# Does gravity affect the time evolution of a QM wave function?

There is no theory of quantum gravity yet, but we can say that also in quantum mechanics, gravitational time dilation is affecting mass particle quantum systems. This fact is already used in quantum physics: The measured time (of the laboratory clock) is the time after gravitational time dilation (redshifted with respect to proper time), and from this measured time may be retrieved the proper time of the quantum system if we know the gravity forces which are acting on it.

If you're talking about the non relativistic Schrodinger equation $$i \hbar \frac{d}{dt} \psi = - \frac{\hbar^2}{2m} \nabla^2 \psi + V(x) \psi$$ then a gravitaional field effects the particle by changing the external potential $$V(x)$$ to be the gravitational potential energy at position $$x$$. In this case, no, there is no time dilation present.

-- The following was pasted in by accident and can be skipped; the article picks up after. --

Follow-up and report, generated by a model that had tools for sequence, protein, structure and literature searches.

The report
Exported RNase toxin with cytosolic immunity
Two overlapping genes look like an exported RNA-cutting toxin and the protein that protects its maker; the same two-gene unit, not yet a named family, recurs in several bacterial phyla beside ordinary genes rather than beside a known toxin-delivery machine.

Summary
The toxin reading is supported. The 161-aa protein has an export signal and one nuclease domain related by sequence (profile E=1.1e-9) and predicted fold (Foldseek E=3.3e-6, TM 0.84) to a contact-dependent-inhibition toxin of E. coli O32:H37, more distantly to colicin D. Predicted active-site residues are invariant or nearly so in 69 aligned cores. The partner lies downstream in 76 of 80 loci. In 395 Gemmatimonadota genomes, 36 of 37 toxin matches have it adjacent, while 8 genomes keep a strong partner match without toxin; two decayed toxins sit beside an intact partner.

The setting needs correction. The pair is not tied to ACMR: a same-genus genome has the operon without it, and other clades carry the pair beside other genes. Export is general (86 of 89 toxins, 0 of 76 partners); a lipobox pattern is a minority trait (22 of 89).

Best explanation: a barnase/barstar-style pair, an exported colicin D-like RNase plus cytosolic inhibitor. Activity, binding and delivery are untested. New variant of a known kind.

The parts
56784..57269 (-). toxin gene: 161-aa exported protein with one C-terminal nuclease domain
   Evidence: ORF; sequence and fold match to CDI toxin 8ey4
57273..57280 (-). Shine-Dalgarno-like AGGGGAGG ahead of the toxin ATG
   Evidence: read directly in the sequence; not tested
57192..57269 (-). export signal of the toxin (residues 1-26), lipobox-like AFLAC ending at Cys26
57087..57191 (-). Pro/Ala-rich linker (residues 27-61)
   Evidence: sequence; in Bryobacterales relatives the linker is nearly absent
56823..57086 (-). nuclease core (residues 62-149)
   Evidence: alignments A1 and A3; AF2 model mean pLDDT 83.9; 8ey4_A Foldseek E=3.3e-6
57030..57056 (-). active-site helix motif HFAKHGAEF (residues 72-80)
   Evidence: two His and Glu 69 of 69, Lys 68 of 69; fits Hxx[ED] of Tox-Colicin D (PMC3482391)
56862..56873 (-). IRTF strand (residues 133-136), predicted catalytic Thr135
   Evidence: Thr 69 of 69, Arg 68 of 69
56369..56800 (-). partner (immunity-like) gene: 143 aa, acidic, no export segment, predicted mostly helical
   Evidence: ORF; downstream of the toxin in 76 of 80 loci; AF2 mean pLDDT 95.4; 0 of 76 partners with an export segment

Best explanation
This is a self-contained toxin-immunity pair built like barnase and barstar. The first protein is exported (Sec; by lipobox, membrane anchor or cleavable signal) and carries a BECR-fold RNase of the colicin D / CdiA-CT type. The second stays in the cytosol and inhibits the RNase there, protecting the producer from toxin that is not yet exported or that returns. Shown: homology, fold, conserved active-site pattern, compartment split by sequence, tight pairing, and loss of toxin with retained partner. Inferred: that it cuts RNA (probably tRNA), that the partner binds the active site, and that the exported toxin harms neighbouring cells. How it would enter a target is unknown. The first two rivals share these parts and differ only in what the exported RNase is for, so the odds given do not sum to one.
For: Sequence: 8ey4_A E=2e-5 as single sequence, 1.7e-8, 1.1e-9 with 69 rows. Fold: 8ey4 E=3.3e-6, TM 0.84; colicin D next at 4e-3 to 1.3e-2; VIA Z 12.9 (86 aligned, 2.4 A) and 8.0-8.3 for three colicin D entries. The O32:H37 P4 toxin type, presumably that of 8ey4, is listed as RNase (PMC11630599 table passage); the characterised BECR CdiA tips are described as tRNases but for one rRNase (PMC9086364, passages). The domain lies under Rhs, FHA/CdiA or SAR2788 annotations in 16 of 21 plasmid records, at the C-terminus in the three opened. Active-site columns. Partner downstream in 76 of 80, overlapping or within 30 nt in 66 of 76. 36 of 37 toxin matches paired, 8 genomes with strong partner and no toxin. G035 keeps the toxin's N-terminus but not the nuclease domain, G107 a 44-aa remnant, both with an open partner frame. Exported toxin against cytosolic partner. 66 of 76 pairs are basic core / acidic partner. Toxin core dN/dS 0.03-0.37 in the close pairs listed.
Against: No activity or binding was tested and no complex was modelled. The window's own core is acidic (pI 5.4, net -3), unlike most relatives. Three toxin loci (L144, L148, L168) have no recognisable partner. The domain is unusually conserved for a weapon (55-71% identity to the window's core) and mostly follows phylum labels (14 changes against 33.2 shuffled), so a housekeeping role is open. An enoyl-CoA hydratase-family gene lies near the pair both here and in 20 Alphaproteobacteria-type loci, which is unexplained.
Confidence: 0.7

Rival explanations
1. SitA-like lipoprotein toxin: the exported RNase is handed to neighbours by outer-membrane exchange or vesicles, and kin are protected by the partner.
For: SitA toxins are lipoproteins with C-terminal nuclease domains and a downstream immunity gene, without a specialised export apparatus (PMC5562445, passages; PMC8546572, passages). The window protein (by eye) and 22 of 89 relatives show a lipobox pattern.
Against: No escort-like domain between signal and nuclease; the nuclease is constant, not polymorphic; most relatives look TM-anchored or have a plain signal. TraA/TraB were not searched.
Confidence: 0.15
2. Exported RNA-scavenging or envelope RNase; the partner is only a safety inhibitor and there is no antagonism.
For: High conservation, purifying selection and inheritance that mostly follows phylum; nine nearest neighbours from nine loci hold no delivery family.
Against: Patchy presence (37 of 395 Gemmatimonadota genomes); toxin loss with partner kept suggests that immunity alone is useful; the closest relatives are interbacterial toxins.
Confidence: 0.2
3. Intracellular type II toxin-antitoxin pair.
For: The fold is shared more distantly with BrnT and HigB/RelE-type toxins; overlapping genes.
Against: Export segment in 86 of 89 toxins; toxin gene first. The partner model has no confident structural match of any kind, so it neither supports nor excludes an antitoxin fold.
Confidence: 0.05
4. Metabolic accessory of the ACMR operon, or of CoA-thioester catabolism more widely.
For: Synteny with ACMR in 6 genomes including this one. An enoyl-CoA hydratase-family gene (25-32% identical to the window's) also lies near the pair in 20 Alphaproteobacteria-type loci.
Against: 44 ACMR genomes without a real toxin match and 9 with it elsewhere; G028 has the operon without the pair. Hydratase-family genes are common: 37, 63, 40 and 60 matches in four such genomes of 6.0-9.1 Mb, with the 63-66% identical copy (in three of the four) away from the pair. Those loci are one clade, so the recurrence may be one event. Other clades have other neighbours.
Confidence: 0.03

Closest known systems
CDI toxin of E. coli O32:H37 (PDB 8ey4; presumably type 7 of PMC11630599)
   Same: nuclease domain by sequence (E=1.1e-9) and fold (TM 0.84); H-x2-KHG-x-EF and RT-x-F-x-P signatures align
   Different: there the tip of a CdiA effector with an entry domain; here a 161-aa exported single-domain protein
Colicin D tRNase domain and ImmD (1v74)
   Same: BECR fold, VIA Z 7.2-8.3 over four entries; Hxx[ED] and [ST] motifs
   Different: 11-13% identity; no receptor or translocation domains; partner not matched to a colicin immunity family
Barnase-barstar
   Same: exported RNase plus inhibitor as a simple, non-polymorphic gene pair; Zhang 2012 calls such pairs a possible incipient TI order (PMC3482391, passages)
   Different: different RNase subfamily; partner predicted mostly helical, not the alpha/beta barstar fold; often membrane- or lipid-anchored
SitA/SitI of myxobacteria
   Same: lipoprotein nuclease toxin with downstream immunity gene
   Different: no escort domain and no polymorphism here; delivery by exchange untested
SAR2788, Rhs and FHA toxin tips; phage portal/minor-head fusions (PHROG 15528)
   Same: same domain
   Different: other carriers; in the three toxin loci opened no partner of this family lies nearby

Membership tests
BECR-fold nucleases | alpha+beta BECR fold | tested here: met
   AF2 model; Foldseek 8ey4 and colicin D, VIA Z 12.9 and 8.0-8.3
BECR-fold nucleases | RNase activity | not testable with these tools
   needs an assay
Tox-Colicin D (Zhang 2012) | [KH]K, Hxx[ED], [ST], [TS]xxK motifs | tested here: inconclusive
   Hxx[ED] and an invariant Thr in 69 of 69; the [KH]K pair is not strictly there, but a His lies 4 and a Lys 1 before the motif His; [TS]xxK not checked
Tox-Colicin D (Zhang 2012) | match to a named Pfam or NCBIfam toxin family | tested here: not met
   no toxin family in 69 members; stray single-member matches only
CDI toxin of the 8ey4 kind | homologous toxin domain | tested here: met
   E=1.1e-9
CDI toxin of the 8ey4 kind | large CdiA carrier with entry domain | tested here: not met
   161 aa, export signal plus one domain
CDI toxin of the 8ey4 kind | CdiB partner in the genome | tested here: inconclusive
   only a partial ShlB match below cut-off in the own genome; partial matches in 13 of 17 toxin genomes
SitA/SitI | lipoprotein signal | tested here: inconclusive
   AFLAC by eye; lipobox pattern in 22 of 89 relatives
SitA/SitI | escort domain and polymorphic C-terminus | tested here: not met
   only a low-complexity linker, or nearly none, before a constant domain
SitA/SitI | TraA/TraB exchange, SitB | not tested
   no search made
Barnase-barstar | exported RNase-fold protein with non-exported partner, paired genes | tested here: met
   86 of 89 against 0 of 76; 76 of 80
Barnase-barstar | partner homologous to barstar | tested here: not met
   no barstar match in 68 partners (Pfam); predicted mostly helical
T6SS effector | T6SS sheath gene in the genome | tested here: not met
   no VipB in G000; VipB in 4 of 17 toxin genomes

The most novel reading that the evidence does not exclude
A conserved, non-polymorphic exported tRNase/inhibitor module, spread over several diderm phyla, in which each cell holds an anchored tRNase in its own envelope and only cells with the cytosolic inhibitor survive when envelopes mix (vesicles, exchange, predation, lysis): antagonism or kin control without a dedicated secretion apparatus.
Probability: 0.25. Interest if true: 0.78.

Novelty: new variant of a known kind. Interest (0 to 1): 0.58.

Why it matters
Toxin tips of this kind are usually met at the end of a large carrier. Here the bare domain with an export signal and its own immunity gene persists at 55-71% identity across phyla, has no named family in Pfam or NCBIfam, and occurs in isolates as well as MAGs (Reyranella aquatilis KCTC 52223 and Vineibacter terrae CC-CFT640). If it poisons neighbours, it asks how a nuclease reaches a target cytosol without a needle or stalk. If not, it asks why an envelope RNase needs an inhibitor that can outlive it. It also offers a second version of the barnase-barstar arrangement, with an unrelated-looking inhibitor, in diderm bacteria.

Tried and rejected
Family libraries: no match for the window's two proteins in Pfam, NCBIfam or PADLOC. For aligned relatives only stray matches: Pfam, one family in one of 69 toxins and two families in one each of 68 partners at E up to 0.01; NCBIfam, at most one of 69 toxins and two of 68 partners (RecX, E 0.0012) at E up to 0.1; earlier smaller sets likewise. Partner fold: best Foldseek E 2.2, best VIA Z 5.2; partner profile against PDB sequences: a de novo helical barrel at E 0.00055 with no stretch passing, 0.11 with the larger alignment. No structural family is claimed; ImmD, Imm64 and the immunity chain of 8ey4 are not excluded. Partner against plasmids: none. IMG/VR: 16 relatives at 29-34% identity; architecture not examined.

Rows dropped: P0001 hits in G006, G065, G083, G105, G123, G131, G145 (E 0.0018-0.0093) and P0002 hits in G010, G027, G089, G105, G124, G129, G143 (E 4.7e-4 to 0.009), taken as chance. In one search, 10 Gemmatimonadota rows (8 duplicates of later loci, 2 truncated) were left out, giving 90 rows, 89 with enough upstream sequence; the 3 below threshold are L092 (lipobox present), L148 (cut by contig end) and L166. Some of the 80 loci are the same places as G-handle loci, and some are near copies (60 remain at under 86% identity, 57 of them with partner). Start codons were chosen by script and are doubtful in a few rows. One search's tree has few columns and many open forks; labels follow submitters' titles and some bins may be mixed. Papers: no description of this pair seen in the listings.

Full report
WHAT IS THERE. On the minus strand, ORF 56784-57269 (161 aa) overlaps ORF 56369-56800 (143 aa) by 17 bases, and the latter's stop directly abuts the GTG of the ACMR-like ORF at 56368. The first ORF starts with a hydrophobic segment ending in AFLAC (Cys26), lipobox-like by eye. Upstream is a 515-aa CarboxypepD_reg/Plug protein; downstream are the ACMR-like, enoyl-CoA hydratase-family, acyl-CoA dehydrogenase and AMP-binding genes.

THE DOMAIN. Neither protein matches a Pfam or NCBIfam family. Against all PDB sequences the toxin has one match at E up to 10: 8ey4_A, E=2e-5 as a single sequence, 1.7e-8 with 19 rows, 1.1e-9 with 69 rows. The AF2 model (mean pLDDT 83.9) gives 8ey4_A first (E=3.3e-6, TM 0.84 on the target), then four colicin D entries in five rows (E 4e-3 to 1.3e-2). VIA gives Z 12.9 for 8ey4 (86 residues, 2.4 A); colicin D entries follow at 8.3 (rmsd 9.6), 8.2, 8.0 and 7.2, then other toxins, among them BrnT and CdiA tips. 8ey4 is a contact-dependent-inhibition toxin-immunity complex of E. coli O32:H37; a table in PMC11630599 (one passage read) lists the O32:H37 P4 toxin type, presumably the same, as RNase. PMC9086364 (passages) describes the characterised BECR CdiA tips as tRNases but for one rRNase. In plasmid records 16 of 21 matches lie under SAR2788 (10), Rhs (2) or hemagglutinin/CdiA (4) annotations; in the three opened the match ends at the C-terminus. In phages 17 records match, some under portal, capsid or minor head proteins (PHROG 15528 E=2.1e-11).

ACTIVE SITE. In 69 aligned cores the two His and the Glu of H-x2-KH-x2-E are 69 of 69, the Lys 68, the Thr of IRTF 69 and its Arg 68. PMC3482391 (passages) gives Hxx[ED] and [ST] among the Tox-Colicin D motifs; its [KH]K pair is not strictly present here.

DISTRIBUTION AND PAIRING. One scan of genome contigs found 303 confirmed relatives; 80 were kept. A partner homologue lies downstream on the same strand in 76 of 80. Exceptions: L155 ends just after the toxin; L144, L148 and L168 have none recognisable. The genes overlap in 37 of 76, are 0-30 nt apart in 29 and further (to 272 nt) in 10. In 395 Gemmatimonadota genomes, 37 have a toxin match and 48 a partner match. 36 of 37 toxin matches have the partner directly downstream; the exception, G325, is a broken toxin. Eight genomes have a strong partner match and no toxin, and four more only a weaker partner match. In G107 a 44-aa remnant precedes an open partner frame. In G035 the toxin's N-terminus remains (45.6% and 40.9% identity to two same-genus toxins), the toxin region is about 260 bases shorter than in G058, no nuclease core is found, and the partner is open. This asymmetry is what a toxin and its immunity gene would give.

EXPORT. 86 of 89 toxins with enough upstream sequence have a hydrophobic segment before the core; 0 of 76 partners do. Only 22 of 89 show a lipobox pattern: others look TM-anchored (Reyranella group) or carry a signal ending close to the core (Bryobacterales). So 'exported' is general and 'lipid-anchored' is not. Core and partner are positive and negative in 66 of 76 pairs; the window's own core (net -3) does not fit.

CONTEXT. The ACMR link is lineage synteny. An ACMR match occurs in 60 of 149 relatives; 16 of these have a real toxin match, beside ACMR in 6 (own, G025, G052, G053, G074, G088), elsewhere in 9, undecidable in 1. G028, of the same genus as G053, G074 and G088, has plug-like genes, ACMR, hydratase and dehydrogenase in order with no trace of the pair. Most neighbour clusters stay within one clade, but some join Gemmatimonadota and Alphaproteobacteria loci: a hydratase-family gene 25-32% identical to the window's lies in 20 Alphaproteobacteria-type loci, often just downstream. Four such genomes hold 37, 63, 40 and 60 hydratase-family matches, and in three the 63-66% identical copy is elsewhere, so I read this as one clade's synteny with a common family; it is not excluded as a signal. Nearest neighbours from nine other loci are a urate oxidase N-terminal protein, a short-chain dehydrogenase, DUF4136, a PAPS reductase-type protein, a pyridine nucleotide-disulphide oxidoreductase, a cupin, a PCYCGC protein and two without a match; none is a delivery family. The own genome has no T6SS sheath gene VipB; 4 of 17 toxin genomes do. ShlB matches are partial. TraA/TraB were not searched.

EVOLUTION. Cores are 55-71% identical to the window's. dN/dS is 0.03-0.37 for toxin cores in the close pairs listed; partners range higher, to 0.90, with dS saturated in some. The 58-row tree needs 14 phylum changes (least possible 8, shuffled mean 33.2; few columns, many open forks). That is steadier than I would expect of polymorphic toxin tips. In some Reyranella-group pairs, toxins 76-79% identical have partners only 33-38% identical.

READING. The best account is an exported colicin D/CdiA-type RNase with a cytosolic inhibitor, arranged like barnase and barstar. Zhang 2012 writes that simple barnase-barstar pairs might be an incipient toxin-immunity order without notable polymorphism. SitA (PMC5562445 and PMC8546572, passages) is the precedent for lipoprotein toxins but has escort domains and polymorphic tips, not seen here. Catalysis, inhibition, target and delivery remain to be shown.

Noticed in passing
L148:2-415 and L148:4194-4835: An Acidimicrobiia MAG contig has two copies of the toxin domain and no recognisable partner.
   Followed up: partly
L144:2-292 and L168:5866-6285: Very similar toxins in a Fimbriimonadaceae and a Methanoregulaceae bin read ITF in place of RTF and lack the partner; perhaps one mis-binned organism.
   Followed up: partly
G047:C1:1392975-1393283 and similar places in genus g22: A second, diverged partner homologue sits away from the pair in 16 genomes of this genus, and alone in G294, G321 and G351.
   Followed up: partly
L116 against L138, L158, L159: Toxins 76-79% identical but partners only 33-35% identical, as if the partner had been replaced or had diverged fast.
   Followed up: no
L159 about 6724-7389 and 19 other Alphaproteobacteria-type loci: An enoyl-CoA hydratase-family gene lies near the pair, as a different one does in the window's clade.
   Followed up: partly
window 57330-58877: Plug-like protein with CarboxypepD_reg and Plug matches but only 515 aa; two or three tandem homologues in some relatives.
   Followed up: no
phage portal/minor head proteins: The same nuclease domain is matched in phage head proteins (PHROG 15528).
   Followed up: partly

If you want a relativistic theory of quantum mechanics, then you have to use quantum field theory. You could couple a quantum field to a fixed background metric $$g_{\mu \nu}$$, and in that case yes, there would actually be gravitational time dilation. The "wave function" of a particle is not perfectly well defined in curved space time, but I would say yes, for most intents you could say that the "wave function would spread slower" higher in a gravitational field.